Changes in lipid metabolism can be due to age, lifestyle factors, or other systemic conditions and may increase the risk of certain cardiovascular disorders. Specific vitamins, minerals, and other nutraceuticals have been recently studied for their potential to help support lipid homeostasis. A recently published review by Cheung and colleagues explored the potential role of certain nutraceuticals in supporting lipid metabolism. This comprehensive review included data from studies involving over 30 different vitamins, minerals, and nutraceuticals.
Vitamin E was reported in this review as a supportive agent for healthy lipid metabolism. Tocotrienols are forms of vitamin E isomers that have been shown in research to possess properties, distinct from tocopherols, that support antioxidative status, cardiometabolic health, and a healthy inflammatory response. Tocotrienols have also been shown to help suppress pro-inflammatory markers, including interleukin (IL-6), tumor necrosis factor-α (TNF-α), C-reactive protein, malondialdehyde, and inhibit the nuclear factor-κB (NF-κB) pathway. Clinical studies have explored the potential role of delta-tocotrienol in support of optimal lipid metabolism; healthy inflammatory status, oxidative stress, cholesterol metabolism, and cardiovascular health have been reported.
Bergamot (Citrus bergamia Risso) is a flavonoid-rich citrus plant that has been researched for its support of antioxidative status and cardiovascular health. In clinical studies, amounts of bergamot ranging from 200 to 1500 mg daily were shown to help support certain parameters related to lipid metabolism and cardiovascular health. These include the inhibition of HMG-CoA reductase, activation of AMPK, increases in fecal excretion of bile acids, and radical scavenging activity alongside improvements in low-density lipoprotein cholesterol (LDL-C).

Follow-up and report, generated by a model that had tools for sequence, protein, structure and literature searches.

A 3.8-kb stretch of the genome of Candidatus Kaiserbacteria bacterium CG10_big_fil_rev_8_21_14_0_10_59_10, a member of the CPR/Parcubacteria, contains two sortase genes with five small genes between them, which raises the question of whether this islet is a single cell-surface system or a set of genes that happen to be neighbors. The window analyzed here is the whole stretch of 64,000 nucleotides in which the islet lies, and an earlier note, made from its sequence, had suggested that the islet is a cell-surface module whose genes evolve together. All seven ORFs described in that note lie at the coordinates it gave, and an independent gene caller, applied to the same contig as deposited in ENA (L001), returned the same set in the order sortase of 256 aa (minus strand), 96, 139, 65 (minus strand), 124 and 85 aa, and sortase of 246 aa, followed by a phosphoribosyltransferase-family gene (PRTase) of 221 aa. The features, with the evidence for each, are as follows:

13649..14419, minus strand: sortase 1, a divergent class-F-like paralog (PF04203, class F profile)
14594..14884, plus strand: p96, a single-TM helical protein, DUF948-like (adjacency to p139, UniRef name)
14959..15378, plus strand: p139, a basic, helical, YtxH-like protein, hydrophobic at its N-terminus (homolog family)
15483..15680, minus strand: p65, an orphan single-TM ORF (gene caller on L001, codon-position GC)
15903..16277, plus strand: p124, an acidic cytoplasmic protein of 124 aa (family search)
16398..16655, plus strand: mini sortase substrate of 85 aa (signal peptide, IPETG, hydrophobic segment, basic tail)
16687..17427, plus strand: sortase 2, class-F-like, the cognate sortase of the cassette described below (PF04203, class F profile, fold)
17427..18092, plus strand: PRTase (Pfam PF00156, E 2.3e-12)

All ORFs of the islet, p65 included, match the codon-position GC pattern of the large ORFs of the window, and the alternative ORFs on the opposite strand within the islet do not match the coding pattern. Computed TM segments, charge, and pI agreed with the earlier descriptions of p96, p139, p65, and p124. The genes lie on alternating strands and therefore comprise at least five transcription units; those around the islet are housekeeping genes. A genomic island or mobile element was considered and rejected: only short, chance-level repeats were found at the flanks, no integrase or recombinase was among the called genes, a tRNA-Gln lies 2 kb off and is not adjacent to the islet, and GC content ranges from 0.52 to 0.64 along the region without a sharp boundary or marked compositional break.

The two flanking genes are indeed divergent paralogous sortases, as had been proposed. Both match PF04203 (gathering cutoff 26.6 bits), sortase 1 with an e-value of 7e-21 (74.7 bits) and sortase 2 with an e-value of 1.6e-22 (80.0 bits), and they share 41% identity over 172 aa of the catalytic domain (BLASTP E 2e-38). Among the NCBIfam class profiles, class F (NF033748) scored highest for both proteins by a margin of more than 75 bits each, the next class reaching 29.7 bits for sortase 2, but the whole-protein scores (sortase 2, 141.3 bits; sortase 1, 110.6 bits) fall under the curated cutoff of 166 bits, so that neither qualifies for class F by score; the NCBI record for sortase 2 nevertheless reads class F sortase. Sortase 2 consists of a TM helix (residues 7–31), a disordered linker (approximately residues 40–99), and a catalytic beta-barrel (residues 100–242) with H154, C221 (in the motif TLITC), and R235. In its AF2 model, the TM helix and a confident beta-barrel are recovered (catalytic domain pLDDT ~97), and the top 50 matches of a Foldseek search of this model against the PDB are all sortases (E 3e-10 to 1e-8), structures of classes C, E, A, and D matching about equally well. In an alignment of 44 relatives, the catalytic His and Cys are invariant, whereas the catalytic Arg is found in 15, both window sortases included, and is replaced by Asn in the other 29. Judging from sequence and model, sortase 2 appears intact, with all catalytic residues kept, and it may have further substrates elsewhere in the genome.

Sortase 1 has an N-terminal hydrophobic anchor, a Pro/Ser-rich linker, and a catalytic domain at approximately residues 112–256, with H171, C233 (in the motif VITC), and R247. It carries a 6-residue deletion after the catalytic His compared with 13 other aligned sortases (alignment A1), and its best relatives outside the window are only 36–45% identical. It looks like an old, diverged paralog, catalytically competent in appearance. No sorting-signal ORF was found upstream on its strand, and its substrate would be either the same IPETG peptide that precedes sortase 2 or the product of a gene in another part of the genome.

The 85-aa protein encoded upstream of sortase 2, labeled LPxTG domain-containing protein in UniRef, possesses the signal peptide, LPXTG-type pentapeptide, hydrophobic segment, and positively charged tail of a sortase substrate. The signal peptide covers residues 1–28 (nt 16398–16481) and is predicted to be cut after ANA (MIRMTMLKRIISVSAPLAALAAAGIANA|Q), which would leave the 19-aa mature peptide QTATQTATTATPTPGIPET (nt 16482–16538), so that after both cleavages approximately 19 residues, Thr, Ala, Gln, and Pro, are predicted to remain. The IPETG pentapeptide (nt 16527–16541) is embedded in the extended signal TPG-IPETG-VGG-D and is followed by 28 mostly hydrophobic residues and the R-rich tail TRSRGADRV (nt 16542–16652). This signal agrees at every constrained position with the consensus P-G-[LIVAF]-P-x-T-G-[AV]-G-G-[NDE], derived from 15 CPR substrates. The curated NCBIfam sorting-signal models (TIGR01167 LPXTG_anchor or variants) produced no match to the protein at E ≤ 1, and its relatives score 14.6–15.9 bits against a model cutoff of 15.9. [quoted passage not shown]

Berberine is an extract derived from the botanicals goldenseal, Oregon grape, and barberry that has been shown to help support healthy blood sugar and lipid metabolism. Berberine may help decrease intestinal absorption of cholesterol and may help promote the synthesis of bile acids. In a three-month, randomized placebo-controlled clinical trial (n=97) investigating the effects of 300 mg/day berberine supplementation on individuals with mild hyperlipidemia, the treatment group experienced significant reductions in total cholesterol and LDL-C levels. A systematic review and meta-analysis including data from over 1,300 participants examined berberine’s complementary role in hyperlipidemia and found that berberine significantly reduced total cholesterol and LDL-C levels when compared with placebo. A separate meta-analysis reported similar findings and included berberine’s ability to support healthy triglycerides.
Lastly, alpha-lipoic acid (ALA) may help support certain aspects of cardiovascular health. ALA may help support healthy levels of glutathione and nuclear factor erythroid 2–related factor 2 (Nrf2) activity. It also plays an important role in redox reactions related to glutathione and helps to modulate endothelial nitric oxide synthase (eNOS) expression, which is primarily expressed in the cardiovascular system. The activity of eNOS is thought to play a role in vascular homeostasis (blood vessel function), vasodilation, and the production of nitric oxide.
Cheung and colleagues conclude that certain nutraceuticals including bergamot, berberine, and plant sterols help support several aspects of lipid metabolism. Evidence suggests that tocotrienols and certain other vitamins and minerals may help support cardiovascular health, lipid homeostasis, and optimal vascular endothelial function. Furthermore, research indicates that a Mediterranean-style diet may also help support cardiovascular health and many other body systems.
By Dr. C. Ambrose, ND, MAT